Case: Yeah there's going to be a lot of beatings but I can take them because I'm very macho and that's very fine with me.
Thompson: You dish out the beatings!
Hilton: We've only got a couple minutes. There's been some questions about the tour any cities you'll be getting to that you haven't been to before on this tour or any places..
Case: No I've been around, I gotta say I've been around so probably nothing new until next year when we'll do things like hopefully go to places like Alaska and Iceland that we've never been but, in North America, I don't know there's anywhere I haven't been except St. Joseph's Newfoundland but that's probably later too
Thompson: We got a reader here that says 'I actually have a "Maybe Sparrow" tattoo, so I'm glad you joined the ink club. Any more tats coming your way?' You recently just got tattoos on your arms.
Case: Well it's actually been a few years, but there was no reason to do it for when I did except that I'm not going to get a bank job now so it's okay! I've wanted them for twenty years and I went 'you have a job you can do that sure.' Maybe I'll get another one I don't really have anything planned.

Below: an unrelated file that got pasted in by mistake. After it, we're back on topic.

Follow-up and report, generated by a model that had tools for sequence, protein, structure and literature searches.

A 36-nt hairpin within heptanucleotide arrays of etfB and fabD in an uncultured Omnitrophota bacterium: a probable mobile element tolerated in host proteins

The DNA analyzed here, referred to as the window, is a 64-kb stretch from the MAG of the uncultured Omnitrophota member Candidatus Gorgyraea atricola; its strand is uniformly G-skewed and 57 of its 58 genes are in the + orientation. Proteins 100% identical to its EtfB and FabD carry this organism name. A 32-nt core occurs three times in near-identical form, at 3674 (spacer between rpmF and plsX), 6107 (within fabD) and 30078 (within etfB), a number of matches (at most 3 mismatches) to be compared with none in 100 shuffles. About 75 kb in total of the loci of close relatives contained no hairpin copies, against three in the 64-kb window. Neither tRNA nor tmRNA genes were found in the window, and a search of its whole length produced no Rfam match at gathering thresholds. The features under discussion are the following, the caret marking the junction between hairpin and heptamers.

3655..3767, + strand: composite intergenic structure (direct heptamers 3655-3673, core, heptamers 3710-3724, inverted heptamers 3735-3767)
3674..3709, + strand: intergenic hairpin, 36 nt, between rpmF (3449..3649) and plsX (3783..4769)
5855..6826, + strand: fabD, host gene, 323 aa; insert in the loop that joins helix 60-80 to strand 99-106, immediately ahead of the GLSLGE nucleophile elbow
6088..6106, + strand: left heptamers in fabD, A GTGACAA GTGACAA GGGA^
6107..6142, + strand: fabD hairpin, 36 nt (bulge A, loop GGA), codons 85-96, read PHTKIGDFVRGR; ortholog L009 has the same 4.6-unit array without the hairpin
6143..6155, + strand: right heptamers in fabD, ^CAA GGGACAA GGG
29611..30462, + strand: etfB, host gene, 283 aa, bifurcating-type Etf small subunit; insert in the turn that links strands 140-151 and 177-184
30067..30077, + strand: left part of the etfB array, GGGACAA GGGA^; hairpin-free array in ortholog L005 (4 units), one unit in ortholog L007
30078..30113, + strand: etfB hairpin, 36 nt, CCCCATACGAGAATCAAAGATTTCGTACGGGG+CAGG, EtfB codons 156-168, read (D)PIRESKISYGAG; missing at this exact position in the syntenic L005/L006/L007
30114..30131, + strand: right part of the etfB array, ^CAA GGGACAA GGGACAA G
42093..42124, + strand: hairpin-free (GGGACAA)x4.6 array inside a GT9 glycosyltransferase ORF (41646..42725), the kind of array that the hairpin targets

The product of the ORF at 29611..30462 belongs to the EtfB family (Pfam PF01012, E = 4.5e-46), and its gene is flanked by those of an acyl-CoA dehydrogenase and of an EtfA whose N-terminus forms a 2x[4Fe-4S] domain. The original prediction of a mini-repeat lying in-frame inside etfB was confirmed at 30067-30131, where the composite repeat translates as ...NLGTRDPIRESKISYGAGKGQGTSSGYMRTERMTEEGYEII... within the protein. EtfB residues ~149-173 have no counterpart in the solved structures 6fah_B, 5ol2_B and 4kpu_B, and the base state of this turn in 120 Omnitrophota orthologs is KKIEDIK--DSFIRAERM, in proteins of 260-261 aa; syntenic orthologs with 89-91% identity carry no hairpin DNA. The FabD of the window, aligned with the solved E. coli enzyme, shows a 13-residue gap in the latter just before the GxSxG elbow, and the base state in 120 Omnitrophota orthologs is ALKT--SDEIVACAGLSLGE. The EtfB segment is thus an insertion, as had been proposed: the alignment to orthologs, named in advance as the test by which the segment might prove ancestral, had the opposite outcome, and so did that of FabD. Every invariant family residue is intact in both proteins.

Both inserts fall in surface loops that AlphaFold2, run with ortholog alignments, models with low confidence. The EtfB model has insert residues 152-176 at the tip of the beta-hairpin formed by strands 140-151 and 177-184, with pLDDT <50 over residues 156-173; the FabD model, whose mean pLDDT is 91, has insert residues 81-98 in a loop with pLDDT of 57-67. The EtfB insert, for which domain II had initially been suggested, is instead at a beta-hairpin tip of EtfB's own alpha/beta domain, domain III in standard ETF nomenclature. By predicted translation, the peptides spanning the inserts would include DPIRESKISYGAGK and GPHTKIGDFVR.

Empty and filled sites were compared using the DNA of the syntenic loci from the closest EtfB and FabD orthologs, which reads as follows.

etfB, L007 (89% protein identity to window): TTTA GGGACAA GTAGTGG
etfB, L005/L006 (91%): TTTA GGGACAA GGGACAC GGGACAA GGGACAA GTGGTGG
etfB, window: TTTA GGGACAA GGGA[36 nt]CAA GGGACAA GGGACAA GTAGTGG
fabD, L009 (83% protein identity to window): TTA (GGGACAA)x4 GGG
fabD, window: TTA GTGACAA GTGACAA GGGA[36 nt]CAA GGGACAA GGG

Hilton: Get that dagger with a rose wrapped around it that you've had your eye on?
Case: Probably more of a jester springing out of a bong I'm thinking, right up the front of my chest.
Thompson: A wizard holding a glowing orb
Case: right up the front of my chest.
Hilton: you've got my gears turning now.
Case: Yeah, Jack In the Bong, I'm going to get a jack in the bong tattoo. You'll be able to smell it just from looking at it, wow that's bold. That is a bold move. Laughs
Hilton: Neko I'd love to keep you on here but I promised id let you go so you can go do your world cafe session there in Philly at WXPN and thanks to them for helping out for getting us connected here today and thank you so much for this music and thank you for joining us and taking questions from your fans.
Case: It was my pleasure, thank you for having me and thanks to the folks who asked the question I appreciate it!
Hilton: alright, take care!
Case: You too!
Grief can make you feel crazy, she says, but maybe it shouldn't.